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  4. The “freemium” model alone should be warning enough to avoid this. Anyway, there are already a number of excellent options for accepting donations on WordPress sites (e.g., Gravity Forms + Stripe).

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    1. What is problematic about the freemium model (which actually has several iterations and isn’t just one thing really)? Should users avoid EDD and WooCommerce as well? What monetization model would you NOT avoid?

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      1. My comment was (perhaps too) elliptical: A freemium model wherein the development firm releases an intentionally crippled version of a product (e.g., shipping with only one gateway [and one which many organizations avoid for various reasons]) and then sells ‘premium’ addons to enable functionality that should have been part of the core is extremely objectionable. From what I’ve seen of EDD, I would have some of the same objections to their model (e.g., charging for the Stripe gateway which is an order of magnitude easier to implement and at least that much friendlier than PayPal), though I have no active projects using the plugin so my familiarity with it is limited. As for WooCommerce, it’s a somewhat different situation as they are maintaining a market wherein third-party developers can sell addons, which makes it less directly comparable to Give and EDD.

        Naturally, developers have to find a revenue model that will keep their businesses afloat, but there is something decidedly unsavoury about building a functional product and then removing bits of it to sell back to users at a premium. It would be like selling a car, and then telling the buyer to drive with a pair of pliers; of course, if the buyer would prefer, you would be willing to sell a shiny, new steering wheel (the only fully compatible model, of course) for the low, low price of $15,000. Freemium models which depend on a crippled core cross this (perhaps not so) fine line.

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      2. No. Give is not crippled (neither is EDD). The free Give plugin is fully capable of accepting donations both with PayPal Standard and offline donations. But the most important part which distinguishes Give from other solutions is the reporting both per form and per donor, and exporting of reports by date range, both as CSV or PDF. All of the various form field modes are also available, and we have several new free features planned like Donor profiles in the backend, anonymous donations, and more. All of those features, plus a shortcode generator and widget and templating and more are all in the Core free Give plugin. You should download it to see how fully-featured it is.

        The essence of a freemium plugin is of course that it must be fully functional — as Give and EDD both are. But it is also a balancing act to make sure the Core plugin is as lean and focused as possible, while still robust. Give provides robust reporting in ways neither Woo nor Gravity Forms can do. PayPal Standard is the most accessible and widely used of payment gateways which makes it very relevant to smaller non-profits. Offline donations is also part of the Core of Give and is also very useful for non-profits. Plus, we’re in 0.8 beta, which means there’s still a lot of room for growth and added features to the free Core.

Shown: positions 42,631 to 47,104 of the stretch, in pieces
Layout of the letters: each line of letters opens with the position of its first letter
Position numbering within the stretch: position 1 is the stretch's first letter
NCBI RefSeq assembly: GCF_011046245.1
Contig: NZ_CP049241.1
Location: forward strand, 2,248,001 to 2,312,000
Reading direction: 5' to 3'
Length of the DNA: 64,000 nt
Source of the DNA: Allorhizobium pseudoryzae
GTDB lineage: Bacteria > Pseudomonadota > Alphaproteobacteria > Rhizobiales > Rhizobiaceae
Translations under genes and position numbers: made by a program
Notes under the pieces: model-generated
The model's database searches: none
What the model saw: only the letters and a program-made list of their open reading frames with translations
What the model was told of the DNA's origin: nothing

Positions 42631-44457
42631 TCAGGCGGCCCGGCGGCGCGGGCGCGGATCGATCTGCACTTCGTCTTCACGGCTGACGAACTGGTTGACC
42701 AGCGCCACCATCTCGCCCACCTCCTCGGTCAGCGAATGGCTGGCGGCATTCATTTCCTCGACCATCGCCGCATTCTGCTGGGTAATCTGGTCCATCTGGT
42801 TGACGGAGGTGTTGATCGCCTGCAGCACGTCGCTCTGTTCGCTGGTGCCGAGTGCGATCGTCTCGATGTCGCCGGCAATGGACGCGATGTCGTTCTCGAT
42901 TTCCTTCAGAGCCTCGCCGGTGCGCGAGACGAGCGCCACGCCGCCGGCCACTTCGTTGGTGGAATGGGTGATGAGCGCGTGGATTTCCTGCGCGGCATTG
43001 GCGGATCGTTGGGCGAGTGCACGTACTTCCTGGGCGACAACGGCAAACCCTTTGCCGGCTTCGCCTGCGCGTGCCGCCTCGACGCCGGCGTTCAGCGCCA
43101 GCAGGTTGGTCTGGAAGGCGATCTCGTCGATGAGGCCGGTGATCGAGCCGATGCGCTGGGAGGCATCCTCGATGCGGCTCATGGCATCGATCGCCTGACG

If you have a need to implement a donation solution for a non-profit that you’re working with, feel free to contact us. We’d be happy to help see how Give might suit your needs.

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      3. I think you have a fundamental misunderstanding of how plugins are written. For one, why do you believe that every payment gateway was developed in the core plugin and then “stripped away”? And I’m not sure why you feel that the plugin should include all these extra payment gateways to give you the options.

        And FYI, although there are more paid plugins/extensions with Woocommerce, they do the exact same thing by only offering Paypal Standard and charging for each additional payment gateway. I’m not sure why Woocommerce could be considered different in any way. Is it just that they invite other developers to also sell plugins?

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  5. Hey Matt and Devin, congrats on the great looking plugin! Looking forward to getting my hands on it and playing around with it. As a TA to some Girl Develop It WordPress classes here in Philly, I’m very happy to see you partnered with them on this!

    Great job!

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  6. Looks good sad it has not been translated to many languages yet and i am too lazy to translate the almost 1100 strings.

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    1. Hopefully soon our plugin will be selected to be translated by WordPress.org community volunteers! We’re working on translating it into more languages. :)